Hudson Mayor Withdraws From November Election
Hudson Mayor Rick Rector will not seek a second term after losing June’s Democratic primary.
In October 2017, 1st ward Alderman Rick Rector, a Democrat, was the sole candidate running for mayor of the Columbia County city after incumbent Tiffany Martin Hamilton decided not to seek another term. Rector ran under the "One Hudson" slogan, promising to make a big difference in local politics, intending to modernize the city. "Economic development. And economic development includes a lot of things. Housing, infrastructure, working with developers, and bringing back in addition to my business skills, to be involved with the city of Hudson," said Rector.
Two years later, at a debate before the June 25th Democratic primary, Rector said he believed his "One Hudson" program addressed numerous city issues and had brought community members together.
But when more than a thousand Democratic primary voters in the city of about 6,700 made it to the polls, current 1st Ward Alderman Kamal Johnson soundly defeated Rector 678 to 354. Johnson saud "This was really never about myself and him personally, but it was more about a vision and direction for the city and people felt it was time for a change of guard."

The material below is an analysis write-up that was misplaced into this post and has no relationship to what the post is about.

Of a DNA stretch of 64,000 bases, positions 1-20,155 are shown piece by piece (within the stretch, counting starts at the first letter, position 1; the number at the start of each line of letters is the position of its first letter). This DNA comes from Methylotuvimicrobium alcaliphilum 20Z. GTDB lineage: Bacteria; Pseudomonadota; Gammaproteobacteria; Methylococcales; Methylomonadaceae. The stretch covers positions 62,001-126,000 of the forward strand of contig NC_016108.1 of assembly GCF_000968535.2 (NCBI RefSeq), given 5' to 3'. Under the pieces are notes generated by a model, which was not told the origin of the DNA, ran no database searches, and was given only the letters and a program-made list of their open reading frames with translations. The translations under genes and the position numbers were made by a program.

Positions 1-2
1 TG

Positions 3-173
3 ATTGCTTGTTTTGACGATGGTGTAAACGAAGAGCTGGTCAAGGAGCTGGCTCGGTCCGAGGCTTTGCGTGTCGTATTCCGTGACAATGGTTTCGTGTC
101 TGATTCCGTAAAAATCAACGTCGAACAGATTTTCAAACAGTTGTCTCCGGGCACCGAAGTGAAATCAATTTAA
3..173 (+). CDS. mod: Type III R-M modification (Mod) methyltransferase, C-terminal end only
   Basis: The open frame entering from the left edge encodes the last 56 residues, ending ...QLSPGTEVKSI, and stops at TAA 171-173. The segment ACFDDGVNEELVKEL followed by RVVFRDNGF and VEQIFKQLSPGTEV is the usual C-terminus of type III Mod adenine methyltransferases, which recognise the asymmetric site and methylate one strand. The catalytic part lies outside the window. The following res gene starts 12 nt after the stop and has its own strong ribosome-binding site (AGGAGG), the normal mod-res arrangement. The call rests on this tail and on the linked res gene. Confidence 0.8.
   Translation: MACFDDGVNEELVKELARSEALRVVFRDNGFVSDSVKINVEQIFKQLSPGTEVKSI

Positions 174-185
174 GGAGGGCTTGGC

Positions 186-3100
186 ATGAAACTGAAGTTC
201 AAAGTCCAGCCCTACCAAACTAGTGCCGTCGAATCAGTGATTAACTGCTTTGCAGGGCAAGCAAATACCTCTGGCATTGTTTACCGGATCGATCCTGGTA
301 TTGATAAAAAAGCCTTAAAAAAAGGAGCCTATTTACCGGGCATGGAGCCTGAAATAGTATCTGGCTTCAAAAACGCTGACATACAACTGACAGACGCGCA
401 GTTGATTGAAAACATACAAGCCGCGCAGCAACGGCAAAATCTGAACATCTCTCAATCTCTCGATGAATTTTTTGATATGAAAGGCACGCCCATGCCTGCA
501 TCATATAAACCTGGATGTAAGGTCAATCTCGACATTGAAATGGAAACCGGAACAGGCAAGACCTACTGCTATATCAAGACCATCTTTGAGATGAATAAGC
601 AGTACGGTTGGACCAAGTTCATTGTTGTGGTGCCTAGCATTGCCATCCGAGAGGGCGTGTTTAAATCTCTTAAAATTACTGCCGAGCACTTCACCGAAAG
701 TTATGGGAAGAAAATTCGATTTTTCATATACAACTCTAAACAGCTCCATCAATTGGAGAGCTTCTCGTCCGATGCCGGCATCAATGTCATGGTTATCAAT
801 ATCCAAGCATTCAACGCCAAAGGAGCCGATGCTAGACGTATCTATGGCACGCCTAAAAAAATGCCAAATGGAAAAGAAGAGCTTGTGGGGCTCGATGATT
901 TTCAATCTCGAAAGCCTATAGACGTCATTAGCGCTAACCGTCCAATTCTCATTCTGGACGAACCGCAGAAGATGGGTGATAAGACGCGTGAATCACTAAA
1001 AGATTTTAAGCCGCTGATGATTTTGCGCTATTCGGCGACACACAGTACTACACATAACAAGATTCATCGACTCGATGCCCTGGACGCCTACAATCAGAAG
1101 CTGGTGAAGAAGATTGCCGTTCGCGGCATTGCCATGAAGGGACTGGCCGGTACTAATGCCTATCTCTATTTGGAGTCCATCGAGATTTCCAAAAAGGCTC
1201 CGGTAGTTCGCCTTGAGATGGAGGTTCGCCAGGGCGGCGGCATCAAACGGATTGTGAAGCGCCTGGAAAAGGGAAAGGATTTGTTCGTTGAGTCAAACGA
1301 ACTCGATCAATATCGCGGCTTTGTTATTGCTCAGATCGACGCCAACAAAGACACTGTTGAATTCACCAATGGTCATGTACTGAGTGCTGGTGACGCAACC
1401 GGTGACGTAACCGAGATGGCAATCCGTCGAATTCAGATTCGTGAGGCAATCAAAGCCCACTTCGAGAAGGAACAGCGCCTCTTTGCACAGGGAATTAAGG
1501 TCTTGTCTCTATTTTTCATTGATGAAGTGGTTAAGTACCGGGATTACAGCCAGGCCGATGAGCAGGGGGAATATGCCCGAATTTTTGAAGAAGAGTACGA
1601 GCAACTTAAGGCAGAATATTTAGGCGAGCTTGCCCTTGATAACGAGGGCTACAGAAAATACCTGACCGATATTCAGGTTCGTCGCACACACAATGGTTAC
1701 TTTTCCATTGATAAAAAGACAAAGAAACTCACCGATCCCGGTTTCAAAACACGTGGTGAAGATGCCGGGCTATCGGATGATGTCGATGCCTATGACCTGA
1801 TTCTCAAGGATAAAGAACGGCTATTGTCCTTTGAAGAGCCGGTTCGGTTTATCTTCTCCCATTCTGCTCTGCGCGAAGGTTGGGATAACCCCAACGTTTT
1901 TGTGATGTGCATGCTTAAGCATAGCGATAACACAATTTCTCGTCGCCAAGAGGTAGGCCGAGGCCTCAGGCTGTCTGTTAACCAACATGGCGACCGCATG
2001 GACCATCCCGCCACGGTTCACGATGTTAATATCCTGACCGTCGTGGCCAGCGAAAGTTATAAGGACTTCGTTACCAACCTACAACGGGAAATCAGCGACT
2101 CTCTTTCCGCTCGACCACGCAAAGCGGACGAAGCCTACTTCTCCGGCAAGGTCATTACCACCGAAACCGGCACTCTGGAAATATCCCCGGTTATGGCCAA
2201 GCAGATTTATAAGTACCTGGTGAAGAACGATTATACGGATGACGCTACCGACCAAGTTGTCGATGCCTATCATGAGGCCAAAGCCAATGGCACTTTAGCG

Rector conceded. "Stepping up to the plate and saying you want to serve your community is quite a big deal and requires a lot of time, energy and effort. And my hat is off to everyone who's done that. I thank my supporters of course, they made my life a lot easier and I give them a lotta credit for doing a lot of lot of hard work and importantly I congratulate Kamal for winning the primary."
Rector nevertheless pressed on toward a fall campaign, since had also been nominated by the Republican, Conservative and Independence parties. But that campaign ended Wednesday with Rector posting on Facebook, telling constituents he decided to withdraw from the race because "I desperately want a unified Hudson." He plans to focus on city business until the day Johnson takes office. Johnson: "That, you know, has to be one of the hardest decisions he's had to make as the leader of our city right now. And I look forward to, you know, pickin' up the baton."
With no challenger on the ballot, Johnson already has one foot in the door to city hall. "That's what I'm most excited about. You know campaigning is a 24-hour day seven-days-a-week job. So now I can really focus on the implementation of a lot of the plans that I have for the city.”